Ed Lintott, who owns an Olympia-based wholesale spice business, said he turns to the typical salt and sugar, but with a flavor twist. He likes smoked sea salt and flavor-infused sugars. “The salt does what it is suppose to do, but imparts a nice smoked flavor to the bird. You can also do the same thing with the sugars. You can use an infused sugar to add flavor to your brine.”


Probably the most difficult part of brining is giving up the refrigerator space. Some manufacturers sell brine bags, but a bucket or large stock pot will do. No lid? No problem. Use a lot of plastic wrap with rubber bands to seal the vessel. The most important thing is that the bird needs to be completely submerged and covered.

Some chefs advise using a cooler to get around the fridge storage problem, but home cooks must be careful to keep the brine at a safe and chilly temperature, but without re-freezing the bird.

To brine, you need to start with a defrosted bird. Remove the packets and neck from the internal cavities. Combine the ingredients on the stovetop and cool or refrigerate. You can even make it a day ahead. The brine needs to be cool, not hot, because you don’t want to cook your bird in the brine.


The longer it sits, the more flavor it collects. The more salt in the brine, the more salty the bird. Many chefs advise one hour per pound of turkey. That’d be a 15 hour brine for a 15-pound turkey. Some chefs like to go longer. Chef Joseph sometimes will go up to three days, but he draws the line at a fourth.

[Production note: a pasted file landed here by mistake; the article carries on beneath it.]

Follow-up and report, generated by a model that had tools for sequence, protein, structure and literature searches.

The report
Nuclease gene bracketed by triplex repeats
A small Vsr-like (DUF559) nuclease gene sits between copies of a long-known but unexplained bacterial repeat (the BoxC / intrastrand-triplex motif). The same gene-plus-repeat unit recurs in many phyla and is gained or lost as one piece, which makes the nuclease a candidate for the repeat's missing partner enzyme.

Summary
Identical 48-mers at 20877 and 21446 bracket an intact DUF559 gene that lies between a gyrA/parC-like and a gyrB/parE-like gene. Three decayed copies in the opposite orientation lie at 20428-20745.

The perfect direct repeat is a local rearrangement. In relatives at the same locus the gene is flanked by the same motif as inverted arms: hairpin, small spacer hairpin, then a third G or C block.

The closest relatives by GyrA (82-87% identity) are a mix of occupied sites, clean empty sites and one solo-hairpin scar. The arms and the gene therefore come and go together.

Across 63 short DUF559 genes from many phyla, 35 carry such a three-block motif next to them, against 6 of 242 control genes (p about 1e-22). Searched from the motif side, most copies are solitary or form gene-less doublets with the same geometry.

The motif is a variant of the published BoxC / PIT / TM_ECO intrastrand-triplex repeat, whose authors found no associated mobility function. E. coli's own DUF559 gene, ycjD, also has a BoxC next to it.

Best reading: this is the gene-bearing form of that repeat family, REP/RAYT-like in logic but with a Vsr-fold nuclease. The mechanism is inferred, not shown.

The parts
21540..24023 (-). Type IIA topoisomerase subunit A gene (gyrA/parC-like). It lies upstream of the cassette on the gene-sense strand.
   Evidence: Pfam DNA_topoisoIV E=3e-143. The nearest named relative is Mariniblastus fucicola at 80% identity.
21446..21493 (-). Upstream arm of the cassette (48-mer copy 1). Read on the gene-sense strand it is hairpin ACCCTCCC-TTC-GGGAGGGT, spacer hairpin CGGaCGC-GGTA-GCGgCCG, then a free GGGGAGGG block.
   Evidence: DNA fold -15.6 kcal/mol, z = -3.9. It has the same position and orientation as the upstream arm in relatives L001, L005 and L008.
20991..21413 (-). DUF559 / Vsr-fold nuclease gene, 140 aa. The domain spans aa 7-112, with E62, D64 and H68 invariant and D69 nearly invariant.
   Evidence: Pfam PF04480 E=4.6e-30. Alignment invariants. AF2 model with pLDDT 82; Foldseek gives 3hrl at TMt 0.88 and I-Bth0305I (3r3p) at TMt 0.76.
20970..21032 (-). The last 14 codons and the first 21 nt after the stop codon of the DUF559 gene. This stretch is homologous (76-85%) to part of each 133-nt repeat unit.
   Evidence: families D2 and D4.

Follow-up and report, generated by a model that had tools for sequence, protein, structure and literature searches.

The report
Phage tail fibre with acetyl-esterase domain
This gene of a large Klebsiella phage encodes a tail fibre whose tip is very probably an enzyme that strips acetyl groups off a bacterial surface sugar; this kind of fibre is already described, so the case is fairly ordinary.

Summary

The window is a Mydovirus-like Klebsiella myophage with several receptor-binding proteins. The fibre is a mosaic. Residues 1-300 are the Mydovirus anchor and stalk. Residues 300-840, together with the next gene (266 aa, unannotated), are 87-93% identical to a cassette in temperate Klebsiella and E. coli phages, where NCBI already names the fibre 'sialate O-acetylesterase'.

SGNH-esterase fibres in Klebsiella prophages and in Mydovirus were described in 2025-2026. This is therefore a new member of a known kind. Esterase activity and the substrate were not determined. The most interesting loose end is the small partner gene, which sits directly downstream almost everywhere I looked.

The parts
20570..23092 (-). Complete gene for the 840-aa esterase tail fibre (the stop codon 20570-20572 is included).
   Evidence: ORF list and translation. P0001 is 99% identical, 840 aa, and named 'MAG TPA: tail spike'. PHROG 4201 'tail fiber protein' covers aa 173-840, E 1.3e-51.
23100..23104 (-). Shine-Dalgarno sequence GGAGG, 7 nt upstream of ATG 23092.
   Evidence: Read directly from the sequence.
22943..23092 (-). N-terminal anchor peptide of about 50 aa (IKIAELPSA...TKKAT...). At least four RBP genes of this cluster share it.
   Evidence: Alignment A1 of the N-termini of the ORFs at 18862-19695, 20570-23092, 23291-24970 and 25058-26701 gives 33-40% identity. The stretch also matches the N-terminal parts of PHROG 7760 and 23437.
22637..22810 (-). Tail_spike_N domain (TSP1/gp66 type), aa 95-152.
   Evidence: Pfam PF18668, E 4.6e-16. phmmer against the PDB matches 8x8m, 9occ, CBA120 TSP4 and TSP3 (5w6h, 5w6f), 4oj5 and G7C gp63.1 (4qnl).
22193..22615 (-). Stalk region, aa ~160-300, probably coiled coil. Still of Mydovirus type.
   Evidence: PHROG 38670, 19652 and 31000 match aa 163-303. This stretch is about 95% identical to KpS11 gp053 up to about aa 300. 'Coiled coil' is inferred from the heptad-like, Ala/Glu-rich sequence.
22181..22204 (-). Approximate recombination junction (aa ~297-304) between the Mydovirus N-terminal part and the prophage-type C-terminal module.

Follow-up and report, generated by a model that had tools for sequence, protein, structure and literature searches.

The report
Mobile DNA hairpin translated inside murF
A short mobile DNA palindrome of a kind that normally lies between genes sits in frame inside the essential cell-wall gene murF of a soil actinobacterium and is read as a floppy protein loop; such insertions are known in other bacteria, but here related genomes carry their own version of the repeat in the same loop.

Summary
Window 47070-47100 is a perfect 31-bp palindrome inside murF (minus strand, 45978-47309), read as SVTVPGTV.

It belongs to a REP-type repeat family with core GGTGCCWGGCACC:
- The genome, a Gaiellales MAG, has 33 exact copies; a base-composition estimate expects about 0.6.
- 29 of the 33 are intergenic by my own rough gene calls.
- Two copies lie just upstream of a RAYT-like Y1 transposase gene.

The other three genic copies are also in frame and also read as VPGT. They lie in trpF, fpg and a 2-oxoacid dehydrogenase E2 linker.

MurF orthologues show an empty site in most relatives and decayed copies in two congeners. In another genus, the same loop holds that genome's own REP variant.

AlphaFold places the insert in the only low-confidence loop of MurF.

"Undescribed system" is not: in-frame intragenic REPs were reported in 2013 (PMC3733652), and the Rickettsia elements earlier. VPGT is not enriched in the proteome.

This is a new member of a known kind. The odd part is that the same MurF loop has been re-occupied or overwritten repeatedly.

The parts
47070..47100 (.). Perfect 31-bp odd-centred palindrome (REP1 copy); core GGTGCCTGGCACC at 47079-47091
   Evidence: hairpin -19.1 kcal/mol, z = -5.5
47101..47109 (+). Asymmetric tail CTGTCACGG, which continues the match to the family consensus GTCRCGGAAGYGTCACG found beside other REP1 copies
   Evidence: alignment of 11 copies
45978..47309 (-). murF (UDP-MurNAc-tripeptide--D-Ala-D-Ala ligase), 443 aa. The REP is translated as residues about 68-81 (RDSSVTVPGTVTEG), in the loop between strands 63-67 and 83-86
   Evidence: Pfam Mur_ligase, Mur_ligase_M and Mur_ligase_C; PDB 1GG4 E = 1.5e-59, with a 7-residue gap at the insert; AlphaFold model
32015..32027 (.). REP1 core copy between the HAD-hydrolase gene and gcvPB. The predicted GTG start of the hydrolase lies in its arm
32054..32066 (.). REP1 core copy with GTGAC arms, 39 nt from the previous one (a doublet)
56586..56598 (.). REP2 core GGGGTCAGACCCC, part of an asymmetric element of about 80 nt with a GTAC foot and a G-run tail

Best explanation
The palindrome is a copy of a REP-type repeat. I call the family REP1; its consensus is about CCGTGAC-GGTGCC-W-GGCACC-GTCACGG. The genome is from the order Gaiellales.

Advised Blondin, “If you over-brine, there’s no going back. So if you see the skin starting to shrink dramatically, pull it out and rinse immediately.”


Look for a “natural” turkey. Don’t brine a bird that says “basted” or one that’s injected with a salt solution. Said Gerlich, “Most frozen turkeys are already injected with a sodium based solution. Brining these birds will lead to an over-salted bird.”

A too salty bird probably is the chief complaint for home cooks who aren’t fans. Gerlich has advice, “Almost as important as the length of time a turkey sits in its brine, is the rinsing of the bird afterwards. I rinse the bird thoroughly, inside and out. I will also soak the bird for about 15 minutes after rinsing, before patting it dry with a towel. This rinsing and soaking allows for the excess salt to be removed from the outside of the bird, giving you more control of the flavors added by a rub.”


While some chefs love brining, other say rubs are a gentler way to infuse flavor. Lintott uses smoky rubs on his poultry. “Some dry rubs can stay on for as little as two hours and some need longer to penetrate and add flavor. Sometimes you have to rub the bird twice before cooking it.” A general method is to rub the spice mix on the skin, under the skin around the breast and inside the turkey cavity. Cover the turkey tightly and let sit overnight in the fridge.

Anne Buck, owner of Buck’s Fifth Avenue spice store in Olympia, had simple advice for picking flavors: “Think of ways to pair the flavors you enjoy.” She offers a recipe for a smoky chipotle-cumin rub.

Matt Stickle’s Beer Brine

Source: Matt Stickle, Executive Chef, Bite Restaurant in the Hotel Murano

4 bottles beer (your choice)

1/2 cup kosher salt

5 sprigs fresh sage, rosemary, thyme

1/2 cup chopped garlic

1 lemon, zested

1/4 cup whole peppercorns

2 quarts water

Heat ingredients, then cool. If needed, add more cold beer and/or cold water to cover whole turkey. Cover and refrigerate overnight. Rinse to remove any traces of salt.

Kris Blondin’s Wine and Herb Brine

Source: Kris Blondin, chef/owner Stink cheese and meat shop, Tacoma.

750 ml white wine (such as pinot grigio)